"Minack" in Cornish means a rocky place and the black headed crag below the theatre has always drawn local fishermen. Until the 1930’s they had the gorse filled gully to themselves and the cliffs echoed to the cries of gulls not actors. It was Rowena Cade who started this wonderful theatre overlooking Porthcurno Bay and the English Channel. We visited this amazing site whilst on our honeymoon in Cornwall in 1971. It was an overcast day and a bit blustery but nothing spoilt our visit. There is a long history attached to the Minack Theatre and you can read all about it on their website, http://www.minack.com/
Situated near the mouth of the river Adur in West Sussex. The old bridge crossing the river was built in the 18th century and became a great addition to the history and colour of the area. Time and weather had taken its toll on the bridge and a Community Trust was set up in 2001. After restoration it was officially re-opened on 23rd October 2008 by the Duke of York
Looking up at the bridge from the airport (western side)
I crossed the bridge many times and was always keen to see if the tide was running in or out. For me this was of great importance, as I needed to make my plans for fishing. Others would stand and watch the flow, swans drifting with the current or wooden planks and logs going down with the tide and perhaps back again as the tide came in. Sometimes we would sit on the grass banks and look on with envy at the adults as they prepared their boats for a fishing trip. When the tide went out there were the mudflats to see and collect some bait. Mud is such glorious stuff, designed for the express purpose of covering young children’s clothes and for sliding and getting generally very mucky. When the mud dried on your clothes you could crack it off and try to remove the stain that remained. The mud also had a distinctive smell which reminded you of the sea that was so very close. The water would flow toward the sea and cause whirlpools when it passed over a rock or obstacle and past a post. Gradually the boats would sink down and settle on the mud. The birds would arrive and wait by the waters edge until the mud flats became exposed then they would dash forward to catch worms or any bugs which had delayed departure. Cars passing in the distance were forgotten and we thought only of how the water moved and the fish we might expect to catch. Dreams would be disturbed by the sound of a small plane as it passed overhead to Shoreham airport and we would turn and watch the landing, then back to the mesmerising flow. In the distance you can see Shoreham, a wonderful place to explore on foot. If you would like to know more of the bridge then have a look at the council site below. http://www.adur.gov.uk/tourism/old-tollbridge.htm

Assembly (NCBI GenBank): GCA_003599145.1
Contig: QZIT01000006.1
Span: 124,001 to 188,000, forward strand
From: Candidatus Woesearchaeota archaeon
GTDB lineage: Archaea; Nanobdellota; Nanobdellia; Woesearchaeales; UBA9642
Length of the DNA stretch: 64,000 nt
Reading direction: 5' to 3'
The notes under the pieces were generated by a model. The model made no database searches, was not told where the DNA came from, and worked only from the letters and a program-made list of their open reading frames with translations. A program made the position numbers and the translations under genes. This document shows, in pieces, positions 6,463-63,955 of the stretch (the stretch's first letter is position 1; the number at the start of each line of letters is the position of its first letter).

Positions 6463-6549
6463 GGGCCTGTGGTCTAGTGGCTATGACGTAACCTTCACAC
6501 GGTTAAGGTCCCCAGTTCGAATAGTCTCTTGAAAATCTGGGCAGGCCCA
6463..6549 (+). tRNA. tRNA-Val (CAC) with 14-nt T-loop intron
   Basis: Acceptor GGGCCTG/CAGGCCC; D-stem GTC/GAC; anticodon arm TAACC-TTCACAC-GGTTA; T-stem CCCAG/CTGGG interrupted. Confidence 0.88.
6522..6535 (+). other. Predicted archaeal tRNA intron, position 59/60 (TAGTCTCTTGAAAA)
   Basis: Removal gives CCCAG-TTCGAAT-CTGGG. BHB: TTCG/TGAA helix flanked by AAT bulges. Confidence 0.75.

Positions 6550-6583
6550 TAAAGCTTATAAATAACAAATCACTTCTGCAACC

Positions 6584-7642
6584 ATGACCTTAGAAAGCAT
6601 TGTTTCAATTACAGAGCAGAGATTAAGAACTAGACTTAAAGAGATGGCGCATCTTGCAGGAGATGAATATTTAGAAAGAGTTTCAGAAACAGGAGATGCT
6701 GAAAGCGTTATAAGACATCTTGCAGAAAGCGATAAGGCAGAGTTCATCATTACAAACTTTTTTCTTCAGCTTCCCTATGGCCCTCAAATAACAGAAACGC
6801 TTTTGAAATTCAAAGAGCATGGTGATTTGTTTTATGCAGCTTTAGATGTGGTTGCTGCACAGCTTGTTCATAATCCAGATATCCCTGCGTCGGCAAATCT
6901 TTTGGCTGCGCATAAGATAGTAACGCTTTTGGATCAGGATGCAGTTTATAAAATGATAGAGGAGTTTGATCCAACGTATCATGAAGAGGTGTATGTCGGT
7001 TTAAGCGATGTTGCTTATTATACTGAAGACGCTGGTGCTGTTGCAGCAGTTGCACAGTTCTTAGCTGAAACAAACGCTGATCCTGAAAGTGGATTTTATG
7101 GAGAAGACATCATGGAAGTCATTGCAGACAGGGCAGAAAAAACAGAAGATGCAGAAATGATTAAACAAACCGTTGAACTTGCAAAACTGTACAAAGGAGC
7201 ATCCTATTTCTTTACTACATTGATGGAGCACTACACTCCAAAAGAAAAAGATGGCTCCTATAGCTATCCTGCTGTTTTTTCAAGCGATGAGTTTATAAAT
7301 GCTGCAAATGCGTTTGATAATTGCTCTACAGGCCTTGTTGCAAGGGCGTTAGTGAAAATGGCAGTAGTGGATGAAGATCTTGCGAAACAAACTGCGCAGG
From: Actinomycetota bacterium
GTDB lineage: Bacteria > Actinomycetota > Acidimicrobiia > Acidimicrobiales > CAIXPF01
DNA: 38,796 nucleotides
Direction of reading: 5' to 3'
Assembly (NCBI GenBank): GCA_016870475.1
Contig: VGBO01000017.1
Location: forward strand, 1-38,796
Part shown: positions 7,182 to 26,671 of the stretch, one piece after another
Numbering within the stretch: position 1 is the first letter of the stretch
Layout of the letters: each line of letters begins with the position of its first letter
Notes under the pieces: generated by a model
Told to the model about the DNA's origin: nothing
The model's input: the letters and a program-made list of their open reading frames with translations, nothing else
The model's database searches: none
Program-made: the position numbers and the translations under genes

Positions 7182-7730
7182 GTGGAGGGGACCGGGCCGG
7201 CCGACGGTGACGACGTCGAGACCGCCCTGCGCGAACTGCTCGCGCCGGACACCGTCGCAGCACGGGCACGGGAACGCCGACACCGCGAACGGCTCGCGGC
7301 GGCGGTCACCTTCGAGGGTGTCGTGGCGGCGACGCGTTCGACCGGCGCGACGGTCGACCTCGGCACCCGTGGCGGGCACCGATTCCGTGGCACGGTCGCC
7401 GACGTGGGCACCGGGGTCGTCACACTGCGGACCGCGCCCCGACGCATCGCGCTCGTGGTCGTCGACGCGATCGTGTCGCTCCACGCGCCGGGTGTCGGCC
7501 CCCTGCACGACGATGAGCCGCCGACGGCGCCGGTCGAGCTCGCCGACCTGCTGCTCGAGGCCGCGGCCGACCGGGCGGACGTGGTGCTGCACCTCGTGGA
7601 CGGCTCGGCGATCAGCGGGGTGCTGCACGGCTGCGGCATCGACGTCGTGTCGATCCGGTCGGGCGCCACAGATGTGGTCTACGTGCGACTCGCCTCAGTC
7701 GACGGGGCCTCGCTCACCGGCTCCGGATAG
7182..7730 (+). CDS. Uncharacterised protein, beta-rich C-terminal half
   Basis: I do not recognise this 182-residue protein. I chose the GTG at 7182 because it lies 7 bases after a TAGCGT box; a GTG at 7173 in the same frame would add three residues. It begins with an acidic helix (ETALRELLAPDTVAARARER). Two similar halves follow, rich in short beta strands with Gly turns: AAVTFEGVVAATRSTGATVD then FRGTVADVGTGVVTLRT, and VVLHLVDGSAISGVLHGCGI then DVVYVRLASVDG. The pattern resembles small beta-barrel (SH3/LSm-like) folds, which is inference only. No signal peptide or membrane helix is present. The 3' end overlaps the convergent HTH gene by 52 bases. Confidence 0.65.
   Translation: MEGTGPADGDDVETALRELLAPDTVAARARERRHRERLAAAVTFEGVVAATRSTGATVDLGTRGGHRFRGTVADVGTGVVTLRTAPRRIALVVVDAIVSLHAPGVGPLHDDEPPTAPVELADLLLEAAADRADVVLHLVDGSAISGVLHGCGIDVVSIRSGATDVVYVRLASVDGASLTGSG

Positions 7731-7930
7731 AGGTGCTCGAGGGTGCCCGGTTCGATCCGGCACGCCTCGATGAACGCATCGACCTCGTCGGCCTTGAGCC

As the clouds dash across the sky the water colour changes with an accentuation of it’s moods. It’s only water you may say, but there is power, as this huge body moves under the influence of tide and wind.
You can always sit and watch the water at any point on the coast of Britain and just observe. The sky touches the horizon and there are dreams about the adventures out there. There is also the fear that goes with the power concealed in that movement. For me it’s the changes that happen in front of you and the smallest detail can become important, but don’t take my word, give it a try.
Note And Photo From :- Kelowna Trout Angler.